Hospice demonstrates we can reduce health care administrative burdens while improving care for patients and family caregivers and saving money by keeping patients out of hospitals. Medicare covered my father’s hospice care with zero co-pays. I’ve never applied “easy” to anything health care-related, but freed from bureaucratic hurdles for my father’s care, the Staples tagline (“Wow, that was easy”) played on repeat in my head.
Hospice provides unexpected relief
As if all the declines of old age compressed into a month, Dad went from walking to a wheelchair in a week. We raced to keep up with his changing needs and faced egregious barriers in this sprint before his hospice admission. As my father struggled into taxis for numerous appointments, we sought paratransit services from Access-A-Ride. He would have had to travel to an in-person assessment to prove he couldn’t walk and wait weeks for a decision. I wisely held off on filling out a ream of eligibility paperwork. He died six weeks before the evaluation I knew he would never make.
Accessing virtual medical care required downloading an NYU Langone Health app on a smartphone that neither I nor my father owned. Unable to attend the appointment on my laptop, a receptionist informed me that my father, with tumors eating at his lungs, brain, liver and bones, had to come in. He canceled.
Death shouldn’t offer the only escape from these burdens. Hospice provided us with prompt consultation from a 24-hour number; house calls from nurses, a doctor and a social worker; medications delivered. After weeks trying to secure my father’s wheelchair, a hospice-ordered walker, hospital chair and bed, cane, adjustable bedside table, oxygen tank and assorted medical supplies arrived within a day.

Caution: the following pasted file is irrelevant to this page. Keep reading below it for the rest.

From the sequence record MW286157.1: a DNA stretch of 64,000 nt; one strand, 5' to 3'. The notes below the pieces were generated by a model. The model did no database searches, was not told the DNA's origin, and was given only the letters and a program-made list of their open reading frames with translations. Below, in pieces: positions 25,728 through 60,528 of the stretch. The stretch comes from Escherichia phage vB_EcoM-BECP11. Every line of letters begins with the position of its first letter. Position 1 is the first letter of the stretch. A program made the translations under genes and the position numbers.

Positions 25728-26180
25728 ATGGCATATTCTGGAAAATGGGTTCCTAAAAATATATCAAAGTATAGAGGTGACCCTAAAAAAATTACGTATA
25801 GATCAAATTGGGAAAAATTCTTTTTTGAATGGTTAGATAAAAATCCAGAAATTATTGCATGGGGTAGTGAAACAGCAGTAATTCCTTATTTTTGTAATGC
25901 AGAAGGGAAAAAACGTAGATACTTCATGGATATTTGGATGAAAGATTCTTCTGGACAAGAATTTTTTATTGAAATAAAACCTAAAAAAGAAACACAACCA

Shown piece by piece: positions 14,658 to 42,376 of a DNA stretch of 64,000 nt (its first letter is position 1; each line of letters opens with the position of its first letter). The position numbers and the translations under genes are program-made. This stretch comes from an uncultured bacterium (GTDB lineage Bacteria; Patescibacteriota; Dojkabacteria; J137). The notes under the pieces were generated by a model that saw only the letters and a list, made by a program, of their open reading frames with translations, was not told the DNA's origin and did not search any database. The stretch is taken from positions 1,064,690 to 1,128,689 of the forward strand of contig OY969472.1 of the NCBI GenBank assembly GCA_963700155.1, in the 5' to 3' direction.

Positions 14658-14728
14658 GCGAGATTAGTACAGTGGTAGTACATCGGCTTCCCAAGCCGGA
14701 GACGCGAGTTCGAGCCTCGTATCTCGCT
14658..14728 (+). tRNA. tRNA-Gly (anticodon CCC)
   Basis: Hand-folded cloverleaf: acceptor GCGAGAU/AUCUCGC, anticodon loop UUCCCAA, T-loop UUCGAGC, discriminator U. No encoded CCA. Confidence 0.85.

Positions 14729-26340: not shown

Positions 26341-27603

Days before, we had poured hours into comparison shopping for a commode, urinal, toilet seat lift and underpads we bought ourselves. Had my father lived longer, we’d have used the weekly 15-hour allotment for home care services, ordinarily not covered by Medicare without meeting convoluted eligibility requirements. Dad’s hospice admission entitled me and my sisters to a year of bereavement counseling, which I’ve begun. Easy.
Administrative burdens harm patients and families forced to navigate a system unnecessarily complex by design. Detours and dead ends rob us of precious time and energy drained hunting down care. How many give up from exhaustion and forced exits?
Accumulated burdens undermine trust in key institutions and drive growing health inequality. They undergird negative interactions with our health care system that feed the avoidable crises we face now, such as vaccine hesitancy hardening into resistance for some. Easing our burdens doesn’t require magic but political will. Inertia is a policy choice we could never afford, but never more so than now.
Stacy Torres, is an assistant professor of sociology in the Department of Social and Behavioral Sciences at University of California, San Francisco.